In addition to our reporting online and distributing it via our newsletter and social media, we set up a Tucson Coronavirus Updates Facebook group at the beginning of the week. We launched Monday morning [March 16], and it now includes nearly 2,000 members, including a number of government officials, who are having a remarkably even-toned and grounded discussions about things. It helps that we’ve long had a policy of stomping on trolls. We have several volunteer moderators helping organize that stream of info, too.

Q: What problems has the economic crisis created for your business model, and how are you responding to that?

Owens: One of the things we did early on with The Batavian was selling half-price gift certificates to local restaurants. When we were starting out, trying to build our brand, that was an easy way to get ads on the site and generate a little revenue. While it’s now only a little less than 20% of our revenue, that’s revenue critical to pay our bills. We’ve stopped selling “Deal of the Day.”

Another 15 to 20% of our revenue is sponsored posts and what we call “top of content” ads. That has taken a big hit. Two top-tier advertisers have dropped. Our revenue is 95% advertising. I expect we’ll take a big hit before this is over.

Bass: Fortunately we were in a strong cash position for 2020 (relative to our budget). That means everyone gets paid and gets insurance whether or not they can work. At least for now, we are focusing all fund-raising efforts through the city on helping agencies in the community raise money, not on raising money for our own organization.

I don’t mean to suggest we’re flush; we operate on a tight budget, and are always scrambling for money for our long-term sustainability. But we seek to set our budget each year at a level that can be supported by current deposits and a few multi-year commitments by our deepest-pocket long-term supporters, so that people know 12 months at a time that they have a job and the lights stay on.

Smith: The long-term impact will no doubt be significant, but in the short term people have found our work important and valuable. We’ve been sent quite a number of three-figure donations out of the blue, and seen a substantial uptick in people signing up to contribute monthly. And that’s despite not having had the time to really make a donation pitch — we’ve been so focused on reporting that even looking at the books the past few weeks has been out of the question.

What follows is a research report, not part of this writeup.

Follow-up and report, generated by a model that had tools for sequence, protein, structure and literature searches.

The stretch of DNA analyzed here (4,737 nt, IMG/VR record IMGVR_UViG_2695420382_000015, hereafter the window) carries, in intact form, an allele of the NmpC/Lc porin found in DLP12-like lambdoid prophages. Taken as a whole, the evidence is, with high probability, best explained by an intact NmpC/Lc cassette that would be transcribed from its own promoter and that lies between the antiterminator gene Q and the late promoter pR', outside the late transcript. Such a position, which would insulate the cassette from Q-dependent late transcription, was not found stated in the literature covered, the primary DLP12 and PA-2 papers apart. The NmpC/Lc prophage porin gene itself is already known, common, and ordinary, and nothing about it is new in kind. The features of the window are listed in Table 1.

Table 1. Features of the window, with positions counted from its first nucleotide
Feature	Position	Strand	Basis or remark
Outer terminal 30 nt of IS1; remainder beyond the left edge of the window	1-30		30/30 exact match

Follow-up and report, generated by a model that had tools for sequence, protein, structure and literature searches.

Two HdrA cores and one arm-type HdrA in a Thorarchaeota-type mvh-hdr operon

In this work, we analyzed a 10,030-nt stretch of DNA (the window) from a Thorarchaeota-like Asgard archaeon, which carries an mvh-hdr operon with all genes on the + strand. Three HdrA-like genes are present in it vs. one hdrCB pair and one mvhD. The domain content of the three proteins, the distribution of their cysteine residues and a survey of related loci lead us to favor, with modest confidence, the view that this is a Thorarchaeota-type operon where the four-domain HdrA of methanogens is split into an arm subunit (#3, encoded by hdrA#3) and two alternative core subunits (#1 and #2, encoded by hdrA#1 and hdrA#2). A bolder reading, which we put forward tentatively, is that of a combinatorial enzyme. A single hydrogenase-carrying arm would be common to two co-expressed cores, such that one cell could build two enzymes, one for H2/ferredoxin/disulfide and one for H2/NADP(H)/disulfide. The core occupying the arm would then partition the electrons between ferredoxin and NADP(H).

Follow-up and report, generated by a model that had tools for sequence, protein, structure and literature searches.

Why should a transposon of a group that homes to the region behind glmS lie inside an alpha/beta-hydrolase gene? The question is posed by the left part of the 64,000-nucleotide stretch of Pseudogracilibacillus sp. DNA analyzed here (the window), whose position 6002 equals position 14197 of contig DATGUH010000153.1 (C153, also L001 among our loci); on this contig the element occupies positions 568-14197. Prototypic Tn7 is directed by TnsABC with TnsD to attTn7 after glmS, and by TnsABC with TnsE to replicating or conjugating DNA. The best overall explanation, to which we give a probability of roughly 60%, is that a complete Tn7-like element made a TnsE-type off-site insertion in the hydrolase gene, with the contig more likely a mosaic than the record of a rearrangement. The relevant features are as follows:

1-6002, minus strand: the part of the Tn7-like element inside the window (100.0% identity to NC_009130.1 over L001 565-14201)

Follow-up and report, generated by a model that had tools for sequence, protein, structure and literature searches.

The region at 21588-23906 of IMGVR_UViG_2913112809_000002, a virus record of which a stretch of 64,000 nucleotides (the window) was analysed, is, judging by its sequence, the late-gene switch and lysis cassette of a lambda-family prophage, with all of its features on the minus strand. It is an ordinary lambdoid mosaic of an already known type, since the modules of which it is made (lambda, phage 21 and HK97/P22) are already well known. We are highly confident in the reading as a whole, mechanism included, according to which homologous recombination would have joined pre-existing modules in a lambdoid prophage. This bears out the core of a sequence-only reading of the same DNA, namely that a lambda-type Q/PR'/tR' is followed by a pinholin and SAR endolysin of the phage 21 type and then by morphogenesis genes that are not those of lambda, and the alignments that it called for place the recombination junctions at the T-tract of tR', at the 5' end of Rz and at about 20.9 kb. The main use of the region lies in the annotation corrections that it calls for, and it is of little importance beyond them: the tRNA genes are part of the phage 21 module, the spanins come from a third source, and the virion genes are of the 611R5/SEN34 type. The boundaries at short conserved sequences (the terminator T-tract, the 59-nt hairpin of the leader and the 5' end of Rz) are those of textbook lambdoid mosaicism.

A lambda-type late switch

That community support has really been heartening. Not only will it help keep the lights on, but the kind words and cold hard cash we’ve gotten let us know we’re doing something meaningful to help.

Maxwell: We are in the middle of a transition to a worker-reader cooperative, with a grant-funded series of community events for our membership drive and launch — so we have to re-configure that! Our coverage is free, and we have gained a number of new members, readers and donations in the last week, and so the challenge is how to work with the funders and re-create our plan for a series of community forums and member meetings virtually. However, we cover a large area and are always looking for ways to better reach remote readers, so in the end this shift could be very valuable to refining the tools we use to engage with our readers and strengthen our membership campaign. 

We have to talk with funders and assess how this might impact other grants we have — we interviewed our planned Report for America fellows just before things got so busy, so that has delayed the selection process. [Note: The Voice and KZYX Radio, also based in Mendocino County, will share one Report for America reporter to cover environmental issues starting sometime this summer.]

A number of our advertisers will certainly not be advertising, but others are trying to reach people — we are talking frequently with local community organizations and business owners as to how we can redesign our marketing options to fit their current needs, including potentially creative online sponsored content options through video or text.

As compared to legacy papers or weeklies, we have the advantage of reaching many remote readers now looking for online information far more than they may have last week, and our readership is county-wide and grows significantly during emergency coverage. As such, we’re better set up to support local businesses right now than the legacy print outlets in the county.